ROAD TO REFERENDUM

MPs to budget for referendum after IEBC issues dates

In October last year, IEBC said they will need at least Sh14 billion to conduct the referendum.

In Summary

• A referendum to amend the 2010 constitution is expected around June this year.

• Already, 11 county assemblies out of 47 have adopted and passed the Constitutional (Amendment) Bill 2020.

 

The National Assembly leadership is waiting for the IEBC to pronounce itself on the much-awaited referendum, before budgeting is done.

National Assembly Majority leader Amos Kimunya has said they will only budget for the referendum after the actual dates are issued by the Independent Electoral and Boundaries Commission.

Speaking in Mombasa during a two-day pre-budget review conference, Kimunya said they still have time to plan.

“On the issue of the expected referendum, first of all, we need to know the dates. If the date is June, then it will be funded within this year,” Kimunya said on Monday.

He said the costing will come in two ways — either upfront or after the dates are set.

“There are options on that (cost) and we still have time. Right now, it is too early, IEBC needs to first pronounce itself and some of the issues that are before court need to be cleared,” Kimunya said.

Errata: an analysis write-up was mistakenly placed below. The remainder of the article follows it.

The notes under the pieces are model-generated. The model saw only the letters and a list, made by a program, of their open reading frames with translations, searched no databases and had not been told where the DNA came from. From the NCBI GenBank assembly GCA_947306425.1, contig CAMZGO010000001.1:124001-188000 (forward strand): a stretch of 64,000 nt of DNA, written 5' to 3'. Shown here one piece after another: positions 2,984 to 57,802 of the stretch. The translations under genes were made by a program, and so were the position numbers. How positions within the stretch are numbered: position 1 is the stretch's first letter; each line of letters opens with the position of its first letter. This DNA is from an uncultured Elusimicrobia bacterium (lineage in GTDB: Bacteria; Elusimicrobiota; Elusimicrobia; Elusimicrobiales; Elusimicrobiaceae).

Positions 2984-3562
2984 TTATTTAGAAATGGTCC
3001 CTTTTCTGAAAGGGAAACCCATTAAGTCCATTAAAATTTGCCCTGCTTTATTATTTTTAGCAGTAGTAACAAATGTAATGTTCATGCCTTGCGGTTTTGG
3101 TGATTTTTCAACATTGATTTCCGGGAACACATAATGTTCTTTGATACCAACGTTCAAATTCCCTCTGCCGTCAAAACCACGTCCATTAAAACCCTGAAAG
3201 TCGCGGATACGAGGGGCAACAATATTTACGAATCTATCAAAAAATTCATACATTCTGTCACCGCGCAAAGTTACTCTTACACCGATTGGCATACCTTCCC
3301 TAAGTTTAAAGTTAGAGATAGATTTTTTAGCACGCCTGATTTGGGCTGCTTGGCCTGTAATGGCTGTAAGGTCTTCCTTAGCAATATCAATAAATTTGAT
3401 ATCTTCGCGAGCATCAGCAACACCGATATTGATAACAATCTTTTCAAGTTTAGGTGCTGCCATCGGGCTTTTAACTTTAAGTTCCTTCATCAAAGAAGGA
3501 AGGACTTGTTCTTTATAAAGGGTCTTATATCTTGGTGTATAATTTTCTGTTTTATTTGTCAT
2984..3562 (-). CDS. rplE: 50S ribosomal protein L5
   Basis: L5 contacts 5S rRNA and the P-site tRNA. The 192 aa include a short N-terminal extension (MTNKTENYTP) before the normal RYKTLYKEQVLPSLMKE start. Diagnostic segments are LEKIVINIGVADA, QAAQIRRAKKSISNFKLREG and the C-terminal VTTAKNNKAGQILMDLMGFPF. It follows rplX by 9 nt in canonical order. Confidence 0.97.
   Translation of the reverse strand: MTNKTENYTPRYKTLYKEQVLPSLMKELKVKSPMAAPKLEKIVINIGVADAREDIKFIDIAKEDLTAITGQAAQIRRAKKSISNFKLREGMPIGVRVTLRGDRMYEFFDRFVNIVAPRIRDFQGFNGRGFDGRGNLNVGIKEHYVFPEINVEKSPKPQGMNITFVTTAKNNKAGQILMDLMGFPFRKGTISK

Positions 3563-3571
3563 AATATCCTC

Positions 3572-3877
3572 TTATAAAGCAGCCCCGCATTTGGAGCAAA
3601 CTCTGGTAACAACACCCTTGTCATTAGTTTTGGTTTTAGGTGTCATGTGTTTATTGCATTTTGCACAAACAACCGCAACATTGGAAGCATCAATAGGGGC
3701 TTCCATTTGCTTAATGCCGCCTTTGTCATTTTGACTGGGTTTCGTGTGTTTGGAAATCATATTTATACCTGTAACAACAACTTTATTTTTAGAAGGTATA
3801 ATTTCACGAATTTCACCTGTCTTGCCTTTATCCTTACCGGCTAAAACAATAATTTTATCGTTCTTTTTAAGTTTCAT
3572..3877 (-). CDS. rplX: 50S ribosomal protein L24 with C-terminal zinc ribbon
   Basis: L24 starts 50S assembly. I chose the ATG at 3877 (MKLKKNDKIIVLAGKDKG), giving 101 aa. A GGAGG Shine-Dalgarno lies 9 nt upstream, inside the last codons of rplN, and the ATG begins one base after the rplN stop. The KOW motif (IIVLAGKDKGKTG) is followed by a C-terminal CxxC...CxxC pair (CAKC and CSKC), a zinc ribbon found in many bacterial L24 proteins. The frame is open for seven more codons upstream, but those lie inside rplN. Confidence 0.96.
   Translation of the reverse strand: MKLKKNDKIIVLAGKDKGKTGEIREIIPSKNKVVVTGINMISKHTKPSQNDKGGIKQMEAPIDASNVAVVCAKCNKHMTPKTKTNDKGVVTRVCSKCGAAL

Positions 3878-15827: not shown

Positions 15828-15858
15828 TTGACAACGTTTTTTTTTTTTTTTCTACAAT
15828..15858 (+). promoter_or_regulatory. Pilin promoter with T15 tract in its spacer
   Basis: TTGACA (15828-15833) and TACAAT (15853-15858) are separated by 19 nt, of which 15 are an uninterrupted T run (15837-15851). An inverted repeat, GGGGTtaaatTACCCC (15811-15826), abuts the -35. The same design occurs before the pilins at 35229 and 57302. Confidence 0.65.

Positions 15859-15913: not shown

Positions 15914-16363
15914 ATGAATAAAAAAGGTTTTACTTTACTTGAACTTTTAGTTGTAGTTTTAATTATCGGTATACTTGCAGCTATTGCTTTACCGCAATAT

The  Kipipiri MP said they are hopeful that a referendum will happen within this year.

“We all know there will be a referendum.  The issue of how much it is going to cost is just a small detail that will be part of the budget making process,” he said.

A referendum to amend the 2010 Constitution is expected around June this year.

Already, 13 county assemblies have adopted and passed the Constitutional (Amendment) Bill 2020.

At least 24 county assemblies must pass the Bill, before it is taken to the National Assembly.

In October last year, the electoral commission said it would need at least Sh14 billion to conduct the referendum.

However, a section of politicians who have been opposing the constitutional amendment say the changes will increase the wage bill just to create positions for a few individuals.

On the issue of the Big Four Agenda, Kimunya said, the 2021-22 budget must be aligned to capture all the flagship projects of President Uhuru Kenyatta before the 2022 elections.

“Contrary to what you hear some people saying that the Big Four agenda has been suspended in favour of BBI, the whole of this year’s budget is about the Big Four,” he said.

National Assembly's Committee on Budget and Appropriations chair Kanini Kega said the Mombasa meeting brought together all actors  critical in budget making.

“We have had deliberations with the ministries of Industry, Health, Agriculture and Housing.  At the end of it, we will come with a proper Budget Policy Statement, which will be tabled before the House in a couple of weeks,” said Kega.

The Kieni legislator said the assertions that the Kenyan public debt is rising exponentially are not true.

“Yes, the public debt is rising, but not exponentially.  As you improve and raise your GDP, definitely the costs go up,” he said.